Marco Island faces lawsuit over license plate readers on bridges leading to island
- Now, three people filed a federal lawsuit claiming the city of Marco Island is violating their Fourth Amendment rights by tracking their whereabouts into and out of the city by way of ALPR systems.
- Several Marco Island residents are raising their concerns nearly one year after the city placed automated license plate recognition systems on the island's Jolley and Goodland bridges.
- Shannon Schemel, Stephen Overman and Michael Tschida say the city is engaging in unreasonable searches and seizures.
Several Marco Island residents are raising their concerns nearly one year after the city placed automated license plate recognition systems on the island's Jolley and Goodland bridges.
The readers, also known as ALPRs, were installed by the city in April of last year both entering and exiting the bridges linking to the island.
The city paid more than $60,000 to Vetted Security Solutions for thesystems, records show.
Now, three people filed a federal lawsuit claiming the city of Marco Island is violating their Fourth Amendment rights by tracking their whereabouts into and out of the city by way of ALPR systems.
Shannon Schemel, Stephen Overman and Michael Tschida say the city is engaging in unreasonable searches and seizures.
"The issue here is not about the license plate readers themselves because we know that they're used in many other places, and that it's been decided that it's legal o have these," Schemel said. "The problem with Marco Island's cameras is that they're creating a database."
The camera systems are capable of taking pictures of vehicles' license plates and share them with other law enforcement agencies, storing the information for up to three years.
"Every time we cross the bridge for three years, it's going to be stored and shared," Schemel said. "Our suit does not seek to get rid of the cameras altogether. It seeks to stop the city from collecting and storing all of this information."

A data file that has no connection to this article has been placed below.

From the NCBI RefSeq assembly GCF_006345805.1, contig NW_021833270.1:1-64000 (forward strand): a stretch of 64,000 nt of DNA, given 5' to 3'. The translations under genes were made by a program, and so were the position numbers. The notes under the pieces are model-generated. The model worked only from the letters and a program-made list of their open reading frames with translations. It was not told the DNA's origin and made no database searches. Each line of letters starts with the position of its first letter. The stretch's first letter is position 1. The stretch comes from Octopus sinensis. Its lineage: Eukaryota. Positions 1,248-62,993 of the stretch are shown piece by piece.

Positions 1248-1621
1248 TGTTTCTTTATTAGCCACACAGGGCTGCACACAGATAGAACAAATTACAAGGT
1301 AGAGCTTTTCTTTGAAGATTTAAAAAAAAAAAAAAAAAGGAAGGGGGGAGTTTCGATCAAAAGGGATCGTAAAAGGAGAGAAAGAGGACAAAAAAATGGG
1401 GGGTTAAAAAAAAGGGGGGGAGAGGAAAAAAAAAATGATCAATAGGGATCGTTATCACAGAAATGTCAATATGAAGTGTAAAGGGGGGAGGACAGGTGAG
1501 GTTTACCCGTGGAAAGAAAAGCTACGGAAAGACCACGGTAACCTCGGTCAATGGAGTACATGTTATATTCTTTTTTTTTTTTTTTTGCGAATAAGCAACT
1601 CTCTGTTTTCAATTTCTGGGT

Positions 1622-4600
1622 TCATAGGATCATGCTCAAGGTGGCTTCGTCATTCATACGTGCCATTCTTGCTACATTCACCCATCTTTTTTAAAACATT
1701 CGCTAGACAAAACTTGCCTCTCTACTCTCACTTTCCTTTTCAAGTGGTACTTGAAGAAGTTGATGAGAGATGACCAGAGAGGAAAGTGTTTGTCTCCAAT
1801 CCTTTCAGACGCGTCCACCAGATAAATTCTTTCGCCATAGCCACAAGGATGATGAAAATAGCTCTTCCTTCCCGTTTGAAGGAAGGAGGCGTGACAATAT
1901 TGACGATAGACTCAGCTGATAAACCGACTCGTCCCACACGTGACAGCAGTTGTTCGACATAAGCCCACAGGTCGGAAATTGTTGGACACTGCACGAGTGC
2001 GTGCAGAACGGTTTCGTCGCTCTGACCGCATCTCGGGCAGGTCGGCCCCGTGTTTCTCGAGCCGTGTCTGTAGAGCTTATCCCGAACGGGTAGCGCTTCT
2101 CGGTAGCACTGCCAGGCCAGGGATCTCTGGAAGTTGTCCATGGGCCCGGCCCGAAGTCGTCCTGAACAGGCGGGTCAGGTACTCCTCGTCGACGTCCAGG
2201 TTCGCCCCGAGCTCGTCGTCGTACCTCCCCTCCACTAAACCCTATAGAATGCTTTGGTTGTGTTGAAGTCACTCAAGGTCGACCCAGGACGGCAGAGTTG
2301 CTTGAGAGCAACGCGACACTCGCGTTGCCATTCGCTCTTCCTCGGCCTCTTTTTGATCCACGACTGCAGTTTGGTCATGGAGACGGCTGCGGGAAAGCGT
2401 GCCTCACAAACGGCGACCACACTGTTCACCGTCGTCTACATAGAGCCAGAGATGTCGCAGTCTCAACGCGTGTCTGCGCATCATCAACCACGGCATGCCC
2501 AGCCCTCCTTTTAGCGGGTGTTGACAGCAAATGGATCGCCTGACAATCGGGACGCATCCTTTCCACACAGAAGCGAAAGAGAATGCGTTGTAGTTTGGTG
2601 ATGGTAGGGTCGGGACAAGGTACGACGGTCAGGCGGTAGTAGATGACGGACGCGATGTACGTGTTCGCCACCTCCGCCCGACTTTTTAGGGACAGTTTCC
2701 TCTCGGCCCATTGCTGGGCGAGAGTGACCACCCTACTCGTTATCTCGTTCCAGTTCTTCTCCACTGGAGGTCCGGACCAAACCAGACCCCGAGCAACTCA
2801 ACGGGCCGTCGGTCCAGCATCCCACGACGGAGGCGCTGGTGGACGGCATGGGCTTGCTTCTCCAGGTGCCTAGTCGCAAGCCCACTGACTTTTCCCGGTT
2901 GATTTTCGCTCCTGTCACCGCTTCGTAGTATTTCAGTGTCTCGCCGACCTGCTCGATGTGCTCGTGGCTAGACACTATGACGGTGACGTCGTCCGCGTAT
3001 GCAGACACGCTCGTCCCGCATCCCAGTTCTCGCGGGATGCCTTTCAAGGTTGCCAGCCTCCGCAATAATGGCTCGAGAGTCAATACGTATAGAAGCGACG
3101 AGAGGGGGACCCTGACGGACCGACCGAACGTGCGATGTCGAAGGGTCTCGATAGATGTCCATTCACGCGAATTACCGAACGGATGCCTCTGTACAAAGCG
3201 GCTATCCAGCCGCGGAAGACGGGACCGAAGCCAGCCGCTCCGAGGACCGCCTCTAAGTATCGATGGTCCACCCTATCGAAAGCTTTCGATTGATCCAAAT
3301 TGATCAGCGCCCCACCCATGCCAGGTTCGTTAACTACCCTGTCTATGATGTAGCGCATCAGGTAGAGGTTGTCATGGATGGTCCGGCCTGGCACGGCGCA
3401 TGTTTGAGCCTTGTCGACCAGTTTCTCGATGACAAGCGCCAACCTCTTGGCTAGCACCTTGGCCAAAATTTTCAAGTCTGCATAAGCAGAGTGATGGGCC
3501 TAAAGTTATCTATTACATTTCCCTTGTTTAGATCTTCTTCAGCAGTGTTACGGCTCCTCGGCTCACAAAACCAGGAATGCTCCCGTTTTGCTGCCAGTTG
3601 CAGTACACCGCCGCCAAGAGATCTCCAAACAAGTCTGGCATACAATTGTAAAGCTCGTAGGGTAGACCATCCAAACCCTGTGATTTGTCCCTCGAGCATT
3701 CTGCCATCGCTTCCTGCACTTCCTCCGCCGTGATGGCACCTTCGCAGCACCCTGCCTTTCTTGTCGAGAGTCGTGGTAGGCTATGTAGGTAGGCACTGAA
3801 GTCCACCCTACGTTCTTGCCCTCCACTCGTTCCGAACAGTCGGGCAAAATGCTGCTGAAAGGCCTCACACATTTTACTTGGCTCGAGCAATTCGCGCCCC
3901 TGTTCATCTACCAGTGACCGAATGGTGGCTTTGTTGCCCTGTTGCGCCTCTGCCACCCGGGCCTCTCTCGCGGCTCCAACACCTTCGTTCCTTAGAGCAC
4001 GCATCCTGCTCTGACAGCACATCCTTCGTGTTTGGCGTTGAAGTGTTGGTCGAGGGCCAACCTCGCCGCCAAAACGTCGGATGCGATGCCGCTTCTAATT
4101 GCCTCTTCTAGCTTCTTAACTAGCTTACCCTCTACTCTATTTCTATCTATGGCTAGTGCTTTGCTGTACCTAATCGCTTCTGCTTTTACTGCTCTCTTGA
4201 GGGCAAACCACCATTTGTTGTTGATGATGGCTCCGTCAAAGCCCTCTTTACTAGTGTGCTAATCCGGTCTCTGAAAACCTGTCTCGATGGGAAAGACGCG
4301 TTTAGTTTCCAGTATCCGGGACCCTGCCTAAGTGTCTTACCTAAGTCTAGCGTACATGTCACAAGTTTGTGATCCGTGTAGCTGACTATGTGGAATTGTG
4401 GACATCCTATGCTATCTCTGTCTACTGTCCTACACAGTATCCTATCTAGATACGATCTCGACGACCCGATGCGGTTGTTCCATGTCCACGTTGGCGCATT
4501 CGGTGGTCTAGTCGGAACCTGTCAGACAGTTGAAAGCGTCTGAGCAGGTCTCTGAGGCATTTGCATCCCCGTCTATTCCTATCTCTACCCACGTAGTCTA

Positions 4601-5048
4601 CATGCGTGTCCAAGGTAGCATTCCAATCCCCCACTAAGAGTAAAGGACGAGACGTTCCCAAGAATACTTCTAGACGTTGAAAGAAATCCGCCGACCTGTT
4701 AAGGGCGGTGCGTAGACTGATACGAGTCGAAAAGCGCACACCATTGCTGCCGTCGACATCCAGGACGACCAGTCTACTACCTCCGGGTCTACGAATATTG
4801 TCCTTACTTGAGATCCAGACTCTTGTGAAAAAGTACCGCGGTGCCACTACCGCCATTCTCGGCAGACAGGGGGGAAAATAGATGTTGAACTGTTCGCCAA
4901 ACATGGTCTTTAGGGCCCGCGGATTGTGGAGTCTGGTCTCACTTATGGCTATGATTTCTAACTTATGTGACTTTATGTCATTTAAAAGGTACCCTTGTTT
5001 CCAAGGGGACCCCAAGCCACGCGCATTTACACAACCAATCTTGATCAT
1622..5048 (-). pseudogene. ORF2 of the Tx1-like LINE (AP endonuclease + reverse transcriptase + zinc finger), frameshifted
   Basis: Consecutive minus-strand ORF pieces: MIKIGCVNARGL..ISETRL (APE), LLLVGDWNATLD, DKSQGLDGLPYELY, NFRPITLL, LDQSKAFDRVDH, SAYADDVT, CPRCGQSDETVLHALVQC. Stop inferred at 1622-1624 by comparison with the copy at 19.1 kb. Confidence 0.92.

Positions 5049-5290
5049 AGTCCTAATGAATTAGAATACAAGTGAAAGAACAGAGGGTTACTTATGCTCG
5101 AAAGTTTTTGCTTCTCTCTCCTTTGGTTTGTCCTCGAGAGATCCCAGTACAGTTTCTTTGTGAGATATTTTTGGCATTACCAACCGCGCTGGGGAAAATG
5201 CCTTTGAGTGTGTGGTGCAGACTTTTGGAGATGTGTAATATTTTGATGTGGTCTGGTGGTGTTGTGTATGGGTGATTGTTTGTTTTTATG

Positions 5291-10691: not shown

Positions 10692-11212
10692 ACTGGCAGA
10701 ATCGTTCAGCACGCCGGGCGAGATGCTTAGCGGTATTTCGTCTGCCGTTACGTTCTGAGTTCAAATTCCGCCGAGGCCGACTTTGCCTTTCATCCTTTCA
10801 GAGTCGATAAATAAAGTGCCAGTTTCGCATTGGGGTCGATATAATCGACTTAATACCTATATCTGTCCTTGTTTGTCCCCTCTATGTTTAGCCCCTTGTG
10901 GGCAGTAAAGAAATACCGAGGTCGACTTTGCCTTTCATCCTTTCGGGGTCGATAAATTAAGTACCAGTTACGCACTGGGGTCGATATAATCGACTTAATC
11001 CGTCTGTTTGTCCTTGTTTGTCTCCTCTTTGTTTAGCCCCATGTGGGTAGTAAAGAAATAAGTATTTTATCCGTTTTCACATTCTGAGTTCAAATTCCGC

The plaintiffs argue that by collecting and storing that data, it "paints a pretty good picture of one's habits."
"That's not the City of Marco Island's business," Schemel said. "That's where the privacy concern comes in."
Schemel said she's less concerned with what the elected officials hear and more concerned with what the general public understands.
"This is not a suit about getting rid of the cameras, but about getting rid of a database with three years of our personal information being in the hands of the city of Marco Island and the many other organizations they're going to share this information with," Schemel said.
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A real civil liberties problem
Attorney Richard Samp with the New Civil Liberties Alliance law firm of Washington D.C., represents Schemel, Overman and Tschida.
The law firm is also suing the city of Coral Gables over its use of license plate readers. That case currently stands in Florida's Third District Court of Appeals.
"That was what made us decide to file a case involving the city of Marco Island," Samp said. "I do think that there's perhaps a difference in the use of them by the city of Marco Island because they have placed them so that everybody who crosses one of the three bridges into or out of Marco Island is recorded."
Samp said that such kind of continual government surveillance "is a real civil liberties problem."
"The biggest problem is that the city of Marco Island has decided to keep all of these records for three years," Samp said. "So in other words, it has continuous surveillance records for all of its visitors over a three-year period, and that is particularly concerning."
Other cities in Southwest Florida using ALPRs include Fort Myers, Cape Coral and Naples.
A chilling effect
Chad Marlow, senior policy counsel for surveillance, privacy and technology at the American Civil Liberties Union, said it looks like the city is trying to track and intimidate people who want to come to the island.
"I think probably its largest purpose is to have a chilling effect on people's right to travel and to move about anonymously in public," Marlow said. "If you have someone who's undocumented, they may not feel comfortable traveling to a job on Marco Island because they're afraid that their car is going to be recorded."
Marlow said that there's a lot that can be revealed simply by tracking one's comings and goings.
"There's much about Marco Island that looks a lot like a gated community; a private gated community," Marlow said. "Only it isn't. It's a public municipality."
The case is set to be heard at the U.S. District Court for the Middle District of Florida, in downtown Fort Myers.
Samp and Schemel said they aren't seeking an agreement in damages payment, but call for the city to change the way it uses the data collected by the license plate readers and the length of time the city stores it.
Samp said there's no confirmed date for the hearing yet, which could take place several months down the road. A judge will then assign a date.
Marco Island Police Chief Tracy Frazzano and City Manager Michael McNees did not respond to multiple requests for comment.
Tomas Rodriguez is a Breaking/Live News Reporter for The News-Press and the Naples Daily News. You can reach Tomas at TRodriguez@gannett.com or 772-333-5501. Follow him on Twitter @TomasFRoBeltran.